Questions and Answers
QUESTION: May we tell others about the meditation?
N. GOENKA: Certainly. There is no secrecy in Dhamma. You may tell anyone about what you have done here. But guiding people to practise is something totally different, which should not be done at this stage. Wait until you are firmly established in the technique and trained to guide others. If someone whom you tell about Vipassana is interested in practising, it, advise that person to come to a course. At least the first experience of Vipassana must be in an organized ten-day course, under the guidance of a qualified teacher. After that one can practise on one’s own.
I practise yoga. How can I integrate this with Vipassana?
Here at a course, yoga is not permitted because it will disturb others by drawing their attention. But after you return home, you may practise both Vipassana and yoga—that is, the physical exercises of yogic postures and breath control. Yoga is very beneficial for physical health. You may even combine it with Vipassana. For example, you assume a posture and then observe sensations throughout the body; this will give still greater benefit than the practice of yoga alone. But the yogic meditation techniques using mantra and visualization are totally opposed to Vipassana. Do not mix them with this technique.
How about the different yogic breathing exercises?
They are helpful as physical exercise, but do not mix these techniques with ānāpāna. In ānāpāna you must observe natural breath at it is, without controlling it. Practise breath control as a physical exercise, and practise ānāpāna for meditation.
Am I—is not this bubble—becoming attached to enlightenment?
If so, you are running in the opposite direction from it. You can never experience enlightenment so long as you have attachments. Simply understand what enlightenment is. Then keep on observing the reality of this moment, and let enlightenment come. If it does not come, don’t be upset. You just do your job and leave the result to Dhamma. If you work in this way, you are not attached to enlightenment and it will certainly come.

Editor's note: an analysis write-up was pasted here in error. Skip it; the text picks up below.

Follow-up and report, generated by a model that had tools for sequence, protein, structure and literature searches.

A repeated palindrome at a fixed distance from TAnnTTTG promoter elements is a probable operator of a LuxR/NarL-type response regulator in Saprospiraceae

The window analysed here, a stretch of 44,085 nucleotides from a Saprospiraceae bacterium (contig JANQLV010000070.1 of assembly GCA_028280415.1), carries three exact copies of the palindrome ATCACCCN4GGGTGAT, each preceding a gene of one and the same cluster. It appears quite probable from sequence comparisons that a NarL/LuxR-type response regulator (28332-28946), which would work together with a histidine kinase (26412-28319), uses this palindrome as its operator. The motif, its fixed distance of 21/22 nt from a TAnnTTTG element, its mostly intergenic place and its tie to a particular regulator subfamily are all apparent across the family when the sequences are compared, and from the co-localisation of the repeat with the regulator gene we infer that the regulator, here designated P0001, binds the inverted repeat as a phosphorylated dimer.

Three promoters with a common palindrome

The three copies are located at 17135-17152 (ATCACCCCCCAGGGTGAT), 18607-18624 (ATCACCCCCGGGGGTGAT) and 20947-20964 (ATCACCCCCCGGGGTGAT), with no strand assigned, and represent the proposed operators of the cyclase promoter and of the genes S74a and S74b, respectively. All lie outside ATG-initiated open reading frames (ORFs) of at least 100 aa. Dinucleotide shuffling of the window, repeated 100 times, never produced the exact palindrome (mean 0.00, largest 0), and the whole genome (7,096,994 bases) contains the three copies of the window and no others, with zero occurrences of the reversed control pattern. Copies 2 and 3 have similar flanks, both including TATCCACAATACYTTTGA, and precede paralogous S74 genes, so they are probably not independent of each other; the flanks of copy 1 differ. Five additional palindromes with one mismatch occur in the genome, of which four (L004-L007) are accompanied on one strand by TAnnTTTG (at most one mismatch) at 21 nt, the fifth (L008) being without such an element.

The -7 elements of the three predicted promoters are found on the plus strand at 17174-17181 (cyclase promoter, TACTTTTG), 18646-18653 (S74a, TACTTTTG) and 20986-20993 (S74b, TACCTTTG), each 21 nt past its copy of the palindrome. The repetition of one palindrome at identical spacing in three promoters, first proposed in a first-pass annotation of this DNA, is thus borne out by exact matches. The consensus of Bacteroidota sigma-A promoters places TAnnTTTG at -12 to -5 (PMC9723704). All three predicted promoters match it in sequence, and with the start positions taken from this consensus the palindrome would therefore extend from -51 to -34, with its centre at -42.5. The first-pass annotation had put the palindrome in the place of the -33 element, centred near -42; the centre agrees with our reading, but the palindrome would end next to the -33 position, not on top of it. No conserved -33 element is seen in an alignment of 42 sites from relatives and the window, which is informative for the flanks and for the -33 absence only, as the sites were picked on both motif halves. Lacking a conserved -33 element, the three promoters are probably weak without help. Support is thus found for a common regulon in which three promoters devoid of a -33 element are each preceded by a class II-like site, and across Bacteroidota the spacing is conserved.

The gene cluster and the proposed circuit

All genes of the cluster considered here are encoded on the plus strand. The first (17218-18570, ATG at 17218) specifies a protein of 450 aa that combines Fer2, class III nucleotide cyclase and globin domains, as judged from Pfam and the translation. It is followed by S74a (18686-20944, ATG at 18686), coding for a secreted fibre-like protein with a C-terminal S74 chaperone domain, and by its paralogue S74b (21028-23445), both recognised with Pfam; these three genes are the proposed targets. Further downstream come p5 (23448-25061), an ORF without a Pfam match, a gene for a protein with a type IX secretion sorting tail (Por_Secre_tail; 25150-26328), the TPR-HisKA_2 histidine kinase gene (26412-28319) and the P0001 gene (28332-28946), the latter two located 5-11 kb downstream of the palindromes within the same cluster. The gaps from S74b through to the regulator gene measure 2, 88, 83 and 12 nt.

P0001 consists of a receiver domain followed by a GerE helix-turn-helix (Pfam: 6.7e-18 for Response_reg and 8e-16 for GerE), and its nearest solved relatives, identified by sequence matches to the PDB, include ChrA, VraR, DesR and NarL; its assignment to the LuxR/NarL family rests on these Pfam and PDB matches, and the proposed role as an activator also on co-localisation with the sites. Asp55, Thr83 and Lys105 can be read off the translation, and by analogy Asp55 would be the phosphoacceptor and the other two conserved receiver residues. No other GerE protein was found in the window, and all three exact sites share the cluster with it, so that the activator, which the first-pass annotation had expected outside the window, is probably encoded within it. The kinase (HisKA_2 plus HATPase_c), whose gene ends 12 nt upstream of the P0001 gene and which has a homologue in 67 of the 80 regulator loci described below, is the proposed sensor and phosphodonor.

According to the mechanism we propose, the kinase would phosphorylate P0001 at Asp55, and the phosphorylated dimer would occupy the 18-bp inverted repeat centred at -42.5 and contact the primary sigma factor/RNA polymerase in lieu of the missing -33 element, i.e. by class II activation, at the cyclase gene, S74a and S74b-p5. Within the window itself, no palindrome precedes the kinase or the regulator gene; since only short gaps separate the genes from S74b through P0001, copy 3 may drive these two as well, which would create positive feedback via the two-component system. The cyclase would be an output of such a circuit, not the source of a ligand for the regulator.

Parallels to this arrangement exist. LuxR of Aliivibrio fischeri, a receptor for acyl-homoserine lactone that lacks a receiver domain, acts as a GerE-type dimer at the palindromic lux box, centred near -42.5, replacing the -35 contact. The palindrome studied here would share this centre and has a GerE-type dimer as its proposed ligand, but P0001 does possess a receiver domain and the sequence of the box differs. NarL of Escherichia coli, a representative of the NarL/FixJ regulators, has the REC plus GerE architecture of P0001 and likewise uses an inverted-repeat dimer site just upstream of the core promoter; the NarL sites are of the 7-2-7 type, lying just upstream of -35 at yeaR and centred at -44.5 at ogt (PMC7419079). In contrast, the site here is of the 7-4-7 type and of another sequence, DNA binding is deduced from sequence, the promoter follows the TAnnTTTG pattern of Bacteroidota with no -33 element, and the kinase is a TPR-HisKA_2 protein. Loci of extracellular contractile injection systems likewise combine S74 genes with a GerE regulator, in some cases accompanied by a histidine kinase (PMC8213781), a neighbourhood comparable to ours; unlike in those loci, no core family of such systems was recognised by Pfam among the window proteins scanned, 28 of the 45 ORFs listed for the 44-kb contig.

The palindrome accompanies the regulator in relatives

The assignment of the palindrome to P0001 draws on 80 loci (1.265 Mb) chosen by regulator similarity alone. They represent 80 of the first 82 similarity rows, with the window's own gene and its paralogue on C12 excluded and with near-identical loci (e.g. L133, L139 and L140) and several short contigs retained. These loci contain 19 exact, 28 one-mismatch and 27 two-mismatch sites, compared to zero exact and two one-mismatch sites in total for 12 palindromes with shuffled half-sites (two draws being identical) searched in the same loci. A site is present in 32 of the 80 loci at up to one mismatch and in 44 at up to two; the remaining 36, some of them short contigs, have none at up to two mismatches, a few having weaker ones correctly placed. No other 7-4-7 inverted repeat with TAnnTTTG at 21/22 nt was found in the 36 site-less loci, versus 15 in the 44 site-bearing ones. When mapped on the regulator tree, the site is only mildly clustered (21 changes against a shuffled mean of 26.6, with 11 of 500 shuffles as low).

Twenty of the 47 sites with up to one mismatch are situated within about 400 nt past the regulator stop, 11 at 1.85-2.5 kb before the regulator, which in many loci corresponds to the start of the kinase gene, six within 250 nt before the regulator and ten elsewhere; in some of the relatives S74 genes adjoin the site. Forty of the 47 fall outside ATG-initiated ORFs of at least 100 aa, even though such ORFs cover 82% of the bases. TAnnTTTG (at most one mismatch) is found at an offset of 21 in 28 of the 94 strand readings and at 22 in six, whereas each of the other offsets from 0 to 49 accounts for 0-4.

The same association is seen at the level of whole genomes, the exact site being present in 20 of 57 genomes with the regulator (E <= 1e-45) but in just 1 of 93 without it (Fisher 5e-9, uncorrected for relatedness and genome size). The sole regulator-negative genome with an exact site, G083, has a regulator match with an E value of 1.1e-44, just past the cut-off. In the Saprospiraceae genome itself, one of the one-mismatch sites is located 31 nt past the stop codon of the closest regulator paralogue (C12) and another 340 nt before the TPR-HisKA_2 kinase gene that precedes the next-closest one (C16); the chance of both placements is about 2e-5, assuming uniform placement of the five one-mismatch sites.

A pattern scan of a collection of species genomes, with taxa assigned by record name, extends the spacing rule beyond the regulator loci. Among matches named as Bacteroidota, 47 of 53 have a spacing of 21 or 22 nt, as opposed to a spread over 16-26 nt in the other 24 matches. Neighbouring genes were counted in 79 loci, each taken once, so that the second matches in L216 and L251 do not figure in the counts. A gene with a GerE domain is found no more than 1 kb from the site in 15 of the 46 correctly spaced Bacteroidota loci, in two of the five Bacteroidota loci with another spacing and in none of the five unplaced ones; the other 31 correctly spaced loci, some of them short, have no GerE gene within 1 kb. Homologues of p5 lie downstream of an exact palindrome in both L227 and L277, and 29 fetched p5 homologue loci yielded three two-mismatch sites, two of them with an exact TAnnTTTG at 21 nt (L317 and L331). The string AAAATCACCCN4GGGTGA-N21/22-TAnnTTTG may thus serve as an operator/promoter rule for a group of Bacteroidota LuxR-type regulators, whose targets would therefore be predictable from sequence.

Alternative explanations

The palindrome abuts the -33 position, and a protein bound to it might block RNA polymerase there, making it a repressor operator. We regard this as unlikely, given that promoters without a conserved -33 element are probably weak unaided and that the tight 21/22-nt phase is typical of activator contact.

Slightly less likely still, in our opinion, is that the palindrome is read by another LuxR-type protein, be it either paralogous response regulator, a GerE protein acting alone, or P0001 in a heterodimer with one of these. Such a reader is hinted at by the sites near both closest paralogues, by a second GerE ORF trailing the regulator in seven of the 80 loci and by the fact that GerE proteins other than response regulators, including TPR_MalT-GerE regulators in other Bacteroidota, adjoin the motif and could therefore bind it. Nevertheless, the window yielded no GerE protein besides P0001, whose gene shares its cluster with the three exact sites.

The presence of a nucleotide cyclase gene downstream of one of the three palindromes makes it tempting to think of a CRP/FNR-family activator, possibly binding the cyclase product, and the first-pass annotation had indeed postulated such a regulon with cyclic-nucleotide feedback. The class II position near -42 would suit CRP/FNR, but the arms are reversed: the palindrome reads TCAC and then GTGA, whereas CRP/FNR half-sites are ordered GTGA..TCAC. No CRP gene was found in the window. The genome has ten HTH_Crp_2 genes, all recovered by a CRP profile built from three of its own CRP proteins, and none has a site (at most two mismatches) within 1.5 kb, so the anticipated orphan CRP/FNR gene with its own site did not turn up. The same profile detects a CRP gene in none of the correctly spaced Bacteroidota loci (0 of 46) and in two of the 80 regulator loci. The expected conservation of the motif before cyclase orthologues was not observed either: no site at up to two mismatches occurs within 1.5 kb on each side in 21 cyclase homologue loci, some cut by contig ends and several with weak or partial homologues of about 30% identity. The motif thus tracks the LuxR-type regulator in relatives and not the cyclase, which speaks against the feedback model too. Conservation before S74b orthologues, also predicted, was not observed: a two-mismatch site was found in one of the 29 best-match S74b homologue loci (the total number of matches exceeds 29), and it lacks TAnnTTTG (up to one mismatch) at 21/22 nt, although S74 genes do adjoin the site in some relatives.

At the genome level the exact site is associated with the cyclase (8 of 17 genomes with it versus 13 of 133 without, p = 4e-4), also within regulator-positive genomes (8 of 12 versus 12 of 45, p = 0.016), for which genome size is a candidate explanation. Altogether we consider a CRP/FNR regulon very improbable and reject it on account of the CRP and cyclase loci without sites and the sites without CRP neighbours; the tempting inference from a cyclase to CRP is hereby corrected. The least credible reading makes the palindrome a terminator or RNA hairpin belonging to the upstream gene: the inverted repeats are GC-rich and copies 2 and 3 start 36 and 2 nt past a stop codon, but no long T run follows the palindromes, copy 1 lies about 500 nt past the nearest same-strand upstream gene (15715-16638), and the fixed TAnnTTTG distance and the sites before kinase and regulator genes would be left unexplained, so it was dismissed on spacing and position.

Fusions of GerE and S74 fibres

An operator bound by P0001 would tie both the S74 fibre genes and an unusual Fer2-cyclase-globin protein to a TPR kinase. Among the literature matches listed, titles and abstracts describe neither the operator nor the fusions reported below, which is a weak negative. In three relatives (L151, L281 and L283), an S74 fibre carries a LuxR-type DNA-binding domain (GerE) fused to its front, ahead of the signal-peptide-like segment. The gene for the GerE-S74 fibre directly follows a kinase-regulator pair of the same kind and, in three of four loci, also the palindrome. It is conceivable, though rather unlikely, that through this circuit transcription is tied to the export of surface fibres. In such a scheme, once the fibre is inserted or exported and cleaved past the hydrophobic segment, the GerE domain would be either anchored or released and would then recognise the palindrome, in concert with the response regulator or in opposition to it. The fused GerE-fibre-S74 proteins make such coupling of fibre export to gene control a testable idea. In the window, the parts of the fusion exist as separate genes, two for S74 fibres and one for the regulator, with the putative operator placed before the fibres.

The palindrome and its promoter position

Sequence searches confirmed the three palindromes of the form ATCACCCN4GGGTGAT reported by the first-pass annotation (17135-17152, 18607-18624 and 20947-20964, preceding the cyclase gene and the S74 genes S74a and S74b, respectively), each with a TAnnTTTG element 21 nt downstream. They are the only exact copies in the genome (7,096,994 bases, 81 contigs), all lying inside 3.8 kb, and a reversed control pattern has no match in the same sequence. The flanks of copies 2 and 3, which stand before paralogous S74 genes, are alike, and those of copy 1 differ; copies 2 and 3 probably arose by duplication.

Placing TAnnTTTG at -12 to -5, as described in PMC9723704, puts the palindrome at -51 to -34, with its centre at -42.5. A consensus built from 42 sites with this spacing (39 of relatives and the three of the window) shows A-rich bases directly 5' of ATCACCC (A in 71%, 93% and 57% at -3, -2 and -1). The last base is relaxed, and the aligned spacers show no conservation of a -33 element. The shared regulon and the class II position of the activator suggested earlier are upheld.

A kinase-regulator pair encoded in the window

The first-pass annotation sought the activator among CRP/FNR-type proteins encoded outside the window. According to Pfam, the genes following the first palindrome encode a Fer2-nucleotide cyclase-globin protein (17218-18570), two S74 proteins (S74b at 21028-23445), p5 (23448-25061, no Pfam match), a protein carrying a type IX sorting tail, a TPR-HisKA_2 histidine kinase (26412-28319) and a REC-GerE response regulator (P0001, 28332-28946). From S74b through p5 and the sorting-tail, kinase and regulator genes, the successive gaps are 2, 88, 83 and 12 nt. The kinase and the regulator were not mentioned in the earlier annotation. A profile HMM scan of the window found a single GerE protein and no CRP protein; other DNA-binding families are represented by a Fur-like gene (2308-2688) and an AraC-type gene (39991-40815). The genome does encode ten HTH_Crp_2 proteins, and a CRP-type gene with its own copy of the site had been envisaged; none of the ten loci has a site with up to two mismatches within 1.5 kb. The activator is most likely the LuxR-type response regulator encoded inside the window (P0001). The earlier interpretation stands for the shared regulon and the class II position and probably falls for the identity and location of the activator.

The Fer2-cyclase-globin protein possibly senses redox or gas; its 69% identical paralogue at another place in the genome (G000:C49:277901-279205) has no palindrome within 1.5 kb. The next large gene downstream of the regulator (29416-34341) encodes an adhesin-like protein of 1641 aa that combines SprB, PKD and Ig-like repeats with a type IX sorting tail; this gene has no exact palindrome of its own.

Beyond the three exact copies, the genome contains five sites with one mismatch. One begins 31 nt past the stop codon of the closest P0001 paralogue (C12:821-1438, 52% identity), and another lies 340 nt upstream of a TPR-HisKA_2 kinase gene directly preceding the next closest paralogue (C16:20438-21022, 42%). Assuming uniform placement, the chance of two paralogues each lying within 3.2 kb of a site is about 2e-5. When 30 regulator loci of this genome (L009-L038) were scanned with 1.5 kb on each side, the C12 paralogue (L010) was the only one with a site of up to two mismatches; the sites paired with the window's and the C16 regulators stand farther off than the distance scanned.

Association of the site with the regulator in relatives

Then I meditate just to do my work?
Yes. It is your responsibility to cleanse your own mind. Take it as a responsibility, but do it without attachment.
It’s not to achieve anything?
No. Whatever comes will come by itself. Let it happen naturally.
What is your feeling about teaching Dhamma to children?
The best time for that is before birth. During pregnancy the mother should practise Vipassana, so that the child also receives it and is born a Dhamma child. But if you already have children, you can still share Dhamma with them. For example, as the conclusion of your practice of Vipassana you have learned the technique of mettā-bhāvanā, sharing your peace and harmony with others. If your children are very young, direct your mettā to them after every meditation and at their bedtime; in this way they also benefit from your practice of Dhamma. And when they are older, explain a little about Dhamma to them in a way that they can understand and accept. If they can understand a little more, then teach them to practise ānāpāna for a few minutes. Don’t pressure the children in any way. Just let them sit with you, observe their breath for a few minutes, and then go and play. The meditation will be like play for them; they will enjoy doing it. And most important is that you must live a healthy Dhamma life yourself, you must set a good example for your children. In your home you must establish a peaceful and harmonious atmosphere which will help them grow into healthy and happy people. This is the best thing you can do for your children.
Thank you very much for the wonderful Dhamma.
Thank Dhamma! Dhamma is great. I am only a vehicle. And also thank yourself. You worked hard, so you grasped the technique. A teacher keeps talking, talking, but if you do not work, you don’t get anything. Be happy, and work hard, work hard!
Bài viết này được trích từ cuốn sách The Art Of Living – Thiền Sư S.N.Goenka và William Hart.